Oil Slicks and Slick CEOs

It was West Virginia earlier in the month and Kentucky today.  Recent coal mine deaths have brought the danger of coal mining back into the spotlight.  I just ache every time I hear about a mining disaster.  The loss of so many community members at once, and often times multiple members from the same family, is so tragic.  In addition to the human loss, unless you live nearby, it is often easy to be unaware of the environmental damage caused by mining.  Whether the scars are resulting from the clearly visible mountaintop removal or the often invisible waste left behind as tailings seep into groundwater, mining severely degrades the environment.

In chorus with the recent mining tragedies, the oil industry is also in distress.  Yet, I am surprised that even with eleven people missing from the oil rig explosion in the Gulf of Mexico, the potential for environmental devastation from the leaking oil seems to be eclipsing the heartbreak of missing workers.  Loss of human life and loss of ecosystem viability are both tragedies.

Some involved in resource extraction are enjoying excessive earnings, but the workers, their families and the environment are not among them.  The Greenpeace website is packed with information and photos about the Deepwater Horizon debacle.  They also have multiple resources about renewable energy and the new Cape Cod wind farm.

Why isn’t renewable energy given more funding for research, development and installation in homes and businesses?  What can you do to decrease your need for oil, coal and other nonrenewable resources?  We have renewable options available through Portland General Electric.  Do you have renewable energy available in your area?

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Oil Slicks and Slick CEOs

It was West Virginia earlier in the month and Kentucky today.  Recent coal mine deaths have brought the danger of coal mining back into the spotlight.  I just ache every time I hear about a mining disaster.  The loss of so many community members at once, and often times multiple members from the same family, is so tragic.  In addition to the human loss, unless you live nearby, it is often easy to be unaware of the environmental damage caused by mining.  Whether the scars are resulting from the clearly visible mountaintop removal or the often invisible waste left behind as tailings seep into groundwater, mining severely degrades the environment.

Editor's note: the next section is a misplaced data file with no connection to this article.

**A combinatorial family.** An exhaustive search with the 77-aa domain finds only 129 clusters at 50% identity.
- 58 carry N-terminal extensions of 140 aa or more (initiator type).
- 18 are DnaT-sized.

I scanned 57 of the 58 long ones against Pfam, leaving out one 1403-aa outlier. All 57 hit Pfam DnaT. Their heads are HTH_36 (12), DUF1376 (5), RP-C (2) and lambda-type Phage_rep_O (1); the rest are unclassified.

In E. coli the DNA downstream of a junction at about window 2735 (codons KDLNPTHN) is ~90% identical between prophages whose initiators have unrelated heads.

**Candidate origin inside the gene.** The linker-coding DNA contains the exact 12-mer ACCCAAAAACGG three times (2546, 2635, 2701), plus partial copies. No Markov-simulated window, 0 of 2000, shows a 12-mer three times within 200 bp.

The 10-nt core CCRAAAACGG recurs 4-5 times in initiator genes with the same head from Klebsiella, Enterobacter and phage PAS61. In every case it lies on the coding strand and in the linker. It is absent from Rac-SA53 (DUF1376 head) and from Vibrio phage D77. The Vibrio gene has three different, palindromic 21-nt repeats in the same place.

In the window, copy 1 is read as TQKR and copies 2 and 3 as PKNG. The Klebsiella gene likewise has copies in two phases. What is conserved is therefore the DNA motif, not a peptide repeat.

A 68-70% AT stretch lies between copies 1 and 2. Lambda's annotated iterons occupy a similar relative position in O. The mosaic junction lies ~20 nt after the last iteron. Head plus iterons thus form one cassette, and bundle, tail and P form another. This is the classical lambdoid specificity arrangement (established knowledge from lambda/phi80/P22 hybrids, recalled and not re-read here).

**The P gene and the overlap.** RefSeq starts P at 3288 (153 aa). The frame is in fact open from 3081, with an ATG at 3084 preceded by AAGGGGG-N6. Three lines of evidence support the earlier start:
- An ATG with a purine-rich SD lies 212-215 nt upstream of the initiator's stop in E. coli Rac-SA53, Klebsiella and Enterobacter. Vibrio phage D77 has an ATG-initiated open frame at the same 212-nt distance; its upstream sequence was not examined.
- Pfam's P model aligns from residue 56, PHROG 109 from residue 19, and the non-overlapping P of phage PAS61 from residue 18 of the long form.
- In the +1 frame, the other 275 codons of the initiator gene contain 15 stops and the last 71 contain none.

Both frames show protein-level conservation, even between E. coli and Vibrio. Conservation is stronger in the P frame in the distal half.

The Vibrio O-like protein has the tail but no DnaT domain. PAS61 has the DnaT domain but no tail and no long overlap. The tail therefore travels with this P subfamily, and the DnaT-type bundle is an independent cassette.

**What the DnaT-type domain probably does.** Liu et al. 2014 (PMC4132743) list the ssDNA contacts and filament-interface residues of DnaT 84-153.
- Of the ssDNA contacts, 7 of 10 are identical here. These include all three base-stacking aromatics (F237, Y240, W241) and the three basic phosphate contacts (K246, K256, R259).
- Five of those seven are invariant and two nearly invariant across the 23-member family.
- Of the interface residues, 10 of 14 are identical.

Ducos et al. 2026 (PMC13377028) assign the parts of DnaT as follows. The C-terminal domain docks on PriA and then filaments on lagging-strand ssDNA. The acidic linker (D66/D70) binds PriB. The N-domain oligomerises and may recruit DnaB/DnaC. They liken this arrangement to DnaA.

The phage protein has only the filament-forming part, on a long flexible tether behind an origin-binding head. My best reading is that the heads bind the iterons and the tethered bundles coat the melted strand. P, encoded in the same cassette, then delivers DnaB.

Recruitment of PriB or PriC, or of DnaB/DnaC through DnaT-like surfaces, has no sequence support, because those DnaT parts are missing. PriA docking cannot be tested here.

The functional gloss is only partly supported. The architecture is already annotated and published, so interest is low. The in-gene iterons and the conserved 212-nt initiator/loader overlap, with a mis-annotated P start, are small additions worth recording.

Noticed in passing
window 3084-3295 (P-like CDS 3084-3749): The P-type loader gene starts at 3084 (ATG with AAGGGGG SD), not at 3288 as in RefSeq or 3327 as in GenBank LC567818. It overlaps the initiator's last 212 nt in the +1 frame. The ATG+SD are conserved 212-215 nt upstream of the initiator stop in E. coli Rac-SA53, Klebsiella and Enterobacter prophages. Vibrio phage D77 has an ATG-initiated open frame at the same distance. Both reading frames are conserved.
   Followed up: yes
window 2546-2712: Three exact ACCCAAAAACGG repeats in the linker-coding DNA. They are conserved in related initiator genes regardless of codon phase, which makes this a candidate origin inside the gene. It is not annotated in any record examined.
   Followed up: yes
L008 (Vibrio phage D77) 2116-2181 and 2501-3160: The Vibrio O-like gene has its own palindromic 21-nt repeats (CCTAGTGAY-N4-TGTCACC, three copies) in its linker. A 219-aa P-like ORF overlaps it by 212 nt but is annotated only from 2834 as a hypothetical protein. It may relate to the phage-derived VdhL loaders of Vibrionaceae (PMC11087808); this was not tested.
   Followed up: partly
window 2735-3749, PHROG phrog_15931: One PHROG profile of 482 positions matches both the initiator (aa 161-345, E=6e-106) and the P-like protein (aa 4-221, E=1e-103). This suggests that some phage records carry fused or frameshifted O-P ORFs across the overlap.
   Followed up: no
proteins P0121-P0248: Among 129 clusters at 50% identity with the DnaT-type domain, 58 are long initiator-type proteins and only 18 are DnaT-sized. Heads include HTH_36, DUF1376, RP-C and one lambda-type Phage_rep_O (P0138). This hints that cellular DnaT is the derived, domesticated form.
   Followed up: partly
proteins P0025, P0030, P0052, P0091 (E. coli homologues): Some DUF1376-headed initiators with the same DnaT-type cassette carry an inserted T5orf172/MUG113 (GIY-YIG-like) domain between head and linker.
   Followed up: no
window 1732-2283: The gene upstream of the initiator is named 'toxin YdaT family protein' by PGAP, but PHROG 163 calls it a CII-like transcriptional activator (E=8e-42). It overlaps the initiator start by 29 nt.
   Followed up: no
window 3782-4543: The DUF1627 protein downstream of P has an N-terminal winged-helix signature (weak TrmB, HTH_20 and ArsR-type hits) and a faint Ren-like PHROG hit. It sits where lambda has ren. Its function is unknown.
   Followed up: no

In chorus with the recent mining tragedies, the oil industry is also in distress.  Yet, I am surprised that even with eleven people missing from the oil rig explosion in the Gulf of Mexico, the potential for environmental devastation from the leaking oil seems to be eclipsing the heartbreak of missing workers.  Loss of human life and loss of ecosystem viability are both tragedies.

Some involved in resource extraction are enjoying excessive earnings, but the workers, their families and the environment are not among them.  The Greenpeace website is packed with information and photos about the Deepwater Horizon debacle.  They also have multiple resources about renewable energy and the new Cape Cod wind farm.

Why isn’t renewable energy given more funding for research, development and installation in homes and businesses?  What can you do to decrease your need for oil, coal and other nonrenewable resources?  We have renewable options available through Portland General Electric.  Do you have renewable energy available in your area?

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